Keras – 9.4 Build&Train DenseNet With CIFAR10 Dataset (Keras)

Welcome to CS With James

I was very sad that there was no little things to talk about in the VGGnet and the GoogLeNet. Both of them are working great but, GoogLeNet is very complex so it is so hard to code and VGGNet is just upgrade version of the Alexnet. But, now I am so happy that we have DenseNet.

DenseNet not just works better than any other network designs out there and it also very easy to code and compare to other network it have less parameters, so it takes less time to train, which is ultimate form of Neural Network.

Moreover, there is something that I have to fix on my mistake. I said from the previous post that 1k training epoch is not much compare to 300k epoch in the real competition, but I found out that it is not 300k epoch. Actually they are training the network about 300 epoch. I don’t know where is that ‘k’ came from. It was my mistake and I will train the DenseNet only for 300 epochs.

Now, Let me talk about the DenseNet. It was originated from the ResNet which keep the features from the previous layer, so when it is training (send back the error) make it better and high efficiency. However, the ResNet only connected few layer, but DenseNet now connecting “all” the layers.

Once you look at this image it will help you to understand what it means by connecting (concatenate) the layers. Keeping the low level feature will help the network to classify the image. So this is called Dense Block and DenseNet is made of few Dense Blocks with the Tradition Layer

So this is ultimate form of DenseNet. In between the Dense Block there is Transition Layer which will reduce the feature map using the pooling layer. Right before the output layer it is not exactly same to the transition layer but it is doing something similar.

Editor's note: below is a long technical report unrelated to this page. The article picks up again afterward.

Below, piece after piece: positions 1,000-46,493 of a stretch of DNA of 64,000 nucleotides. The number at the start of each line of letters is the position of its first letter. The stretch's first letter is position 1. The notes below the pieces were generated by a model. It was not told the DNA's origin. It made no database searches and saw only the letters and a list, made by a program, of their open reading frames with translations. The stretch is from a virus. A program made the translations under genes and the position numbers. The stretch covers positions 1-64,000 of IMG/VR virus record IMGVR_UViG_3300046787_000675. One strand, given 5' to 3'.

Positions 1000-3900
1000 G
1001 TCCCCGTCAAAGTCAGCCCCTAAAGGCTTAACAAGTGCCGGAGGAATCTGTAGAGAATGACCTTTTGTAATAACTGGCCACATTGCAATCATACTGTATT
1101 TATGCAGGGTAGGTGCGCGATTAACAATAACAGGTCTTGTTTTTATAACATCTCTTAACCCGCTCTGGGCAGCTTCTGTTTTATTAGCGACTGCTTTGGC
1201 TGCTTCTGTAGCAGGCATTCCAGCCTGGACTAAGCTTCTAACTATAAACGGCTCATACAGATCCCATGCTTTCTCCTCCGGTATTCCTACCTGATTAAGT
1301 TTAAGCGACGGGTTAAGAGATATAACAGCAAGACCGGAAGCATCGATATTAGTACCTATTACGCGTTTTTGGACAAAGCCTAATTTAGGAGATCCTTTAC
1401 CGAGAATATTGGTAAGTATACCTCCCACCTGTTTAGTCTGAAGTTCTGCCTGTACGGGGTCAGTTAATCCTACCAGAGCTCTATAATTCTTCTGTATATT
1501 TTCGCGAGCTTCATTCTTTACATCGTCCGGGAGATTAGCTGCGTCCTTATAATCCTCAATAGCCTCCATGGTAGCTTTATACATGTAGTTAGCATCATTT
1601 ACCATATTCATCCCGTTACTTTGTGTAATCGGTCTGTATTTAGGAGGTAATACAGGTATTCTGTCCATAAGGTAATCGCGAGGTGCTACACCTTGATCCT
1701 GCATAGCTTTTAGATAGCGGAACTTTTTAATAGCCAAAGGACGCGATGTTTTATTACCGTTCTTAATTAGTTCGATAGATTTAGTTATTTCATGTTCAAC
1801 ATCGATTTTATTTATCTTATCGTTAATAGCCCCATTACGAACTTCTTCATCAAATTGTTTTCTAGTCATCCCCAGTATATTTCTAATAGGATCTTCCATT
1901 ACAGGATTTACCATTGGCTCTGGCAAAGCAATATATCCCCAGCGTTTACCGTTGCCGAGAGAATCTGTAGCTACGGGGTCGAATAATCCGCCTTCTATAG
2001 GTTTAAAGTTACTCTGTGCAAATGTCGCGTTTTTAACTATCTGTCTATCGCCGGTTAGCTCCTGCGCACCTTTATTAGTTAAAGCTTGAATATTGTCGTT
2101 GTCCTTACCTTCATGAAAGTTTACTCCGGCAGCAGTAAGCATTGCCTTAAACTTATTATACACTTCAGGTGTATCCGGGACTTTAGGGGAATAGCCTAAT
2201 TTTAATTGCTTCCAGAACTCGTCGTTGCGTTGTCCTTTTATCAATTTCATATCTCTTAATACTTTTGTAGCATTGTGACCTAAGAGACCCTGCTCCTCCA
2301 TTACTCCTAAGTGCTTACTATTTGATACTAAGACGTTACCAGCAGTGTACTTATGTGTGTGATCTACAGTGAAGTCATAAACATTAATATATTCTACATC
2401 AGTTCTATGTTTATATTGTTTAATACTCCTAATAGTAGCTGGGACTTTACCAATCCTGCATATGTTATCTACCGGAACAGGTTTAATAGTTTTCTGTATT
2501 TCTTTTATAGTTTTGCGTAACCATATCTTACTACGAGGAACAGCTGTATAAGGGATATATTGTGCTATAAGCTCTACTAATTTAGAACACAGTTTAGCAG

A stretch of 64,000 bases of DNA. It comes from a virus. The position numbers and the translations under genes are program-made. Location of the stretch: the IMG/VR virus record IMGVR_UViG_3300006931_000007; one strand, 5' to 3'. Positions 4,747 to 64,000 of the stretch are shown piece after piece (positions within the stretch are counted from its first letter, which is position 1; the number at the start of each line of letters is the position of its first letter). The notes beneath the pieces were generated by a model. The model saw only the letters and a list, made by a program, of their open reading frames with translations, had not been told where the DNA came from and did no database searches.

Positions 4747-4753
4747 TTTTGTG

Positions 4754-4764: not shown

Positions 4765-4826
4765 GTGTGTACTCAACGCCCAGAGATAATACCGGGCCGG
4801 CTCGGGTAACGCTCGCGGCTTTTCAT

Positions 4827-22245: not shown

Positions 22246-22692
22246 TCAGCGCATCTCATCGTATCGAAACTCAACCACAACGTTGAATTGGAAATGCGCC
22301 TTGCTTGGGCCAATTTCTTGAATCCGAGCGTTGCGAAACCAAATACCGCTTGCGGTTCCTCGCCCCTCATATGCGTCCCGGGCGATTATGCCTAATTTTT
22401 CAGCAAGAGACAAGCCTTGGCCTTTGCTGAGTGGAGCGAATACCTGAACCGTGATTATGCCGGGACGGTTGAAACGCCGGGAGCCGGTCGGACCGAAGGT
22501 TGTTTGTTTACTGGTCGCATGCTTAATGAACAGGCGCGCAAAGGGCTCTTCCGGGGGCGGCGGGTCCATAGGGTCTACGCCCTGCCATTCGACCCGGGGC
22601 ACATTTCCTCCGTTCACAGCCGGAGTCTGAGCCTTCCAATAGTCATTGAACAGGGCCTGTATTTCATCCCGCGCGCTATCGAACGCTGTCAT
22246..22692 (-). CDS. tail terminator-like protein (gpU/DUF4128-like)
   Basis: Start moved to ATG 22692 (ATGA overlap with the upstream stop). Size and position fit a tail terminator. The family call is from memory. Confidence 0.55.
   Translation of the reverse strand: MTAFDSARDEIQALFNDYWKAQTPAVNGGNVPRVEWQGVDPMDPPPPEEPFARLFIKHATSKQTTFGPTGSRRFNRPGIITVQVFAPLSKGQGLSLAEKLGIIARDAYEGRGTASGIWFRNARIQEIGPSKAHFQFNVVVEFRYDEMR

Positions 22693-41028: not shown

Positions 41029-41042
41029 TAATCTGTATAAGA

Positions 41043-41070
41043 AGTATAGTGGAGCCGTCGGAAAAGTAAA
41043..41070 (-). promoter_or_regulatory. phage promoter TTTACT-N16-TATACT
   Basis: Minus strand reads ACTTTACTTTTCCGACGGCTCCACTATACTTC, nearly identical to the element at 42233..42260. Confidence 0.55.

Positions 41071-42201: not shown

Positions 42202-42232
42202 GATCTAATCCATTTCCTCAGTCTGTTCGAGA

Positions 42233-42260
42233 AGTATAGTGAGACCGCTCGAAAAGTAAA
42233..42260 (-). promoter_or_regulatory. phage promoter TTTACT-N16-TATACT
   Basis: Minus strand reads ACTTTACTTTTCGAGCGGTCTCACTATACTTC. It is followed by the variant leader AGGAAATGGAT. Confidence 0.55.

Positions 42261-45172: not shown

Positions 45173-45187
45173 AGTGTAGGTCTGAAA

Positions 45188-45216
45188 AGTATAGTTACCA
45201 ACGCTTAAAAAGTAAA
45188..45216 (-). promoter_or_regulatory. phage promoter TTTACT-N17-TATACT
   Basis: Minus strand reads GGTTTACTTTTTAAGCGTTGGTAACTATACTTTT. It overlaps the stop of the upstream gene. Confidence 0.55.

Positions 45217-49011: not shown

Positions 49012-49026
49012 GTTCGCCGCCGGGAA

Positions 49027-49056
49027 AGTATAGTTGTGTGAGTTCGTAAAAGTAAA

The DenseNet is very easy to code because once you coded the DenseBlock and the Transition Layer, then you can just build it on top of the other to build the whole Network. Here is the code how I did. I made the DenseBlock and the Transition Layer into the Function and once I call the function it add the block on top of existing layer.

There are two parameters you have to know to make the DenseNet better.

  1. Growth_Rate (K) : I used num_filter in my code for the easy understanding. However in the original paper they used the word Growth Rate and used K to represent it. It is simply how have output filter you want to make after each convolutional layer. In the VGGNet there were 512 filter outputs, but in the DenseNet we can use about 12~24 (In the paper they used 12) for the ‘K’ which will decrease the number of computation dramatically.
  2. L : I had hard time figure this out, because even in the paper they didn’t explained this parameter very clearly. However, I read the paper so many times and did some research and found out that this is the parameter to represent how many convolutional layers in each Dense Block. It might wrong, if you know this please let me know

They decreased the number of parameters to train by reduce the filters on each layers. Compare to ResNet which have 10M parameters and DenseNet have 1M parameters they have the very similar result. The error rate difference is within the 1% range.

Moreover, most of the layers need to use the bias, which is added after the calculation to decrease the error rate. However, in the DenseNet they replaced the Bias with the BatchNormalization Layer, so they could make the train faster and by using BatchNormalization they could prevent the overfitting. This is really smart and they paid attention to the small details.

So, here is the result. I have trained my DenseNet with CIFAR10 Dataset with L=10, K=20 and Epoch=300.

Epoch 298/300
loss: 0.0024 – acc: 0.9993 – val_loss: 1.0791 – val_acc: 0.8551
Epoch 299/300
loss: 0.0027 – acc: 0.9991 – val_loss: 1.1468 – val_acc: 0.8472
Epoch 300/300
loss: 0.0050 – acc: 0.9983 – val_loss: 1.2931 – val_acc: 0.8339

Test loss: 1.2930997592 Test accuracy: 0.8339

So, it ended up with the accuracy of 83.39% and it is way better than the previous Networks. 

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